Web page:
(1) Aileron0.75Control column locked or lashed in mid-position.
(2) Aileron*±0.50Ailerons at full throw.
(3) Elevator*±0.75Elevator full down.
(4) Elevator*±0.75Elevator full up.
(5) Rudder0.75Rudder in neutral.
(6) Rudder0.75Rudder at full throw.

*A positive value of K indicates a moment tending to depress the surface, while a negative value of K indicates a moment tending to raise the surface.

(d) The computed hinge moment of paragraph (b) of this section must be used to determine the limit loads due to ground gust conditions for the control surface. A 1.25 factor on the computed hinge moments must be used in calculating limit control system loads.

(e) Where control system flexibility is such that the rate of load application in the ground gust conditions might produce transient stresses appreciably higher than those corresponding to static loads, in the absence of a rational analysis substantiating a different dynamic factor, an additional factor of 1.6 must be applied to the control system loads of paragraph (d) of this section to obtain limit loads. If a rational analysis is used, the additional factor must not be less than 1.2.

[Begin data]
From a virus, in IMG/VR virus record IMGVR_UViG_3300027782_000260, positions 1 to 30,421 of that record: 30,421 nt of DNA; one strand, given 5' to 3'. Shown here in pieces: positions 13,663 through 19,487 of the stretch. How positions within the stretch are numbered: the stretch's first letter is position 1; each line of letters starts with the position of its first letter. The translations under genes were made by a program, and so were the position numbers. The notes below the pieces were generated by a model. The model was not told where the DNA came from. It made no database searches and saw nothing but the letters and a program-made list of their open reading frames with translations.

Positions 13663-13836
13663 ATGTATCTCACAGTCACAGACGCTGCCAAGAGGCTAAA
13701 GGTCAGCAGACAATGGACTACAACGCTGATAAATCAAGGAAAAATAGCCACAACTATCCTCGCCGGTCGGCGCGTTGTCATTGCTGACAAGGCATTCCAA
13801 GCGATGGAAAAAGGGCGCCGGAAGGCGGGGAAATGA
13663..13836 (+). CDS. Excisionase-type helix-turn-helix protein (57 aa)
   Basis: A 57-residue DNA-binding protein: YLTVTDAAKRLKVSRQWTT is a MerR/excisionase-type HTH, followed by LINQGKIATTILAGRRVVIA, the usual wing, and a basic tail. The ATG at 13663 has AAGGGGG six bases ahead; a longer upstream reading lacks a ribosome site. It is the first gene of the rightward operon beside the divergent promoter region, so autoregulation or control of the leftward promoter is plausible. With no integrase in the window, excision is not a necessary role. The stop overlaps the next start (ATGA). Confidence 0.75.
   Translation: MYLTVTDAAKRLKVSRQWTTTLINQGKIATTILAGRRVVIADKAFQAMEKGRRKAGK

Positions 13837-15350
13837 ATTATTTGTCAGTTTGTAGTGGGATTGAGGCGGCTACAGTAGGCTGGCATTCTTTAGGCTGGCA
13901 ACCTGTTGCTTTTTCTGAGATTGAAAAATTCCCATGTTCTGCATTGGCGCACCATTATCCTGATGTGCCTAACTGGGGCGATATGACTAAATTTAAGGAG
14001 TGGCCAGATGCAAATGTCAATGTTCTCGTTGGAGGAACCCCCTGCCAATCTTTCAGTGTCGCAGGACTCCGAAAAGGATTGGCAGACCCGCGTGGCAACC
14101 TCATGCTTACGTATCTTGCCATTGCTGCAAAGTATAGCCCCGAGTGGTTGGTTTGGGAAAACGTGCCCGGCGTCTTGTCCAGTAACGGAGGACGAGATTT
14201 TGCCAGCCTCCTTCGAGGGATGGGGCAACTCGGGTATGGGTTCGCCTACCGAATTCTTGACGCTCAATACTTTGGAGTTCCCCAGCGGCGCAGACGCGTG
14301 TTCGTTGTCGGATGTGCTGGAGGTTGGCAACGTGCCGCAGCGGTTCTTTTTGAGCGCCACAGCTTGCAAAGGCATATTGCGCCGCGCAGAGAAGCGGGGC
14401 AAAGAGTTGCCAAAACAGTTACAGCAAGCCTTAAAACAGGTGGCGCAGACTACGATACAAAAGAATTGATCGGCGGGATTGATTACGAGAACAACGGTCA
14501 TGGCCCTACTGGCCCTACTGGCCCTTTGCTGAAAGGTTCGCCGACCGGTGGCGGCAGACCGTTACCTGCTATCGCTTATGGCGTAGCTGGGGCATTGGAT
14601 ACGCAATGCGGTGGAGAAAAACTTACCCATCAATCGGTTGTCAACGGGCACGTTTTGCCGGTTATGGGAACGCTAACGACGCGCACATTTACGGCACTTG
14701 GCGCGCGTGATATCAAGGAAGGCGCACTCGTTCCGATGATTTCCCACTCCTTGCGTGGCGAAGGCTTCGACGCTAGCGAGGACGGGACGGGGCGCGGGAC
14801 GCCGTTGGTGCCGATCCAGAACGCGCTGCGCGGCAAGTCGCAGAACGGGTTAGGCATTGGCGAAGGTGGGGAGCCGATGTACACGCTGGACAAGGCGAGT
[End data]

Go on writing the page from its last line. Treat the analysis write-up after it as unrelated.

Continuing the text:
(f) For the condition of the control locks engaged, the control surfaces, the control system locks, and the parts of any control systems between the surfaces and the locks must be designed to the resultant limit loads. Where control locks are not provided, then the control surfaces, the control system stops nearest the surfaces, and the parts of any control systems between the surfaces and the stops must be designed to the resultant limit loads. If the control system design is such as to allow any part of the control system to impact with the stops due to flexibility, then the resultant impact loads must be taken into account in deriving the limit loads due to ground gust.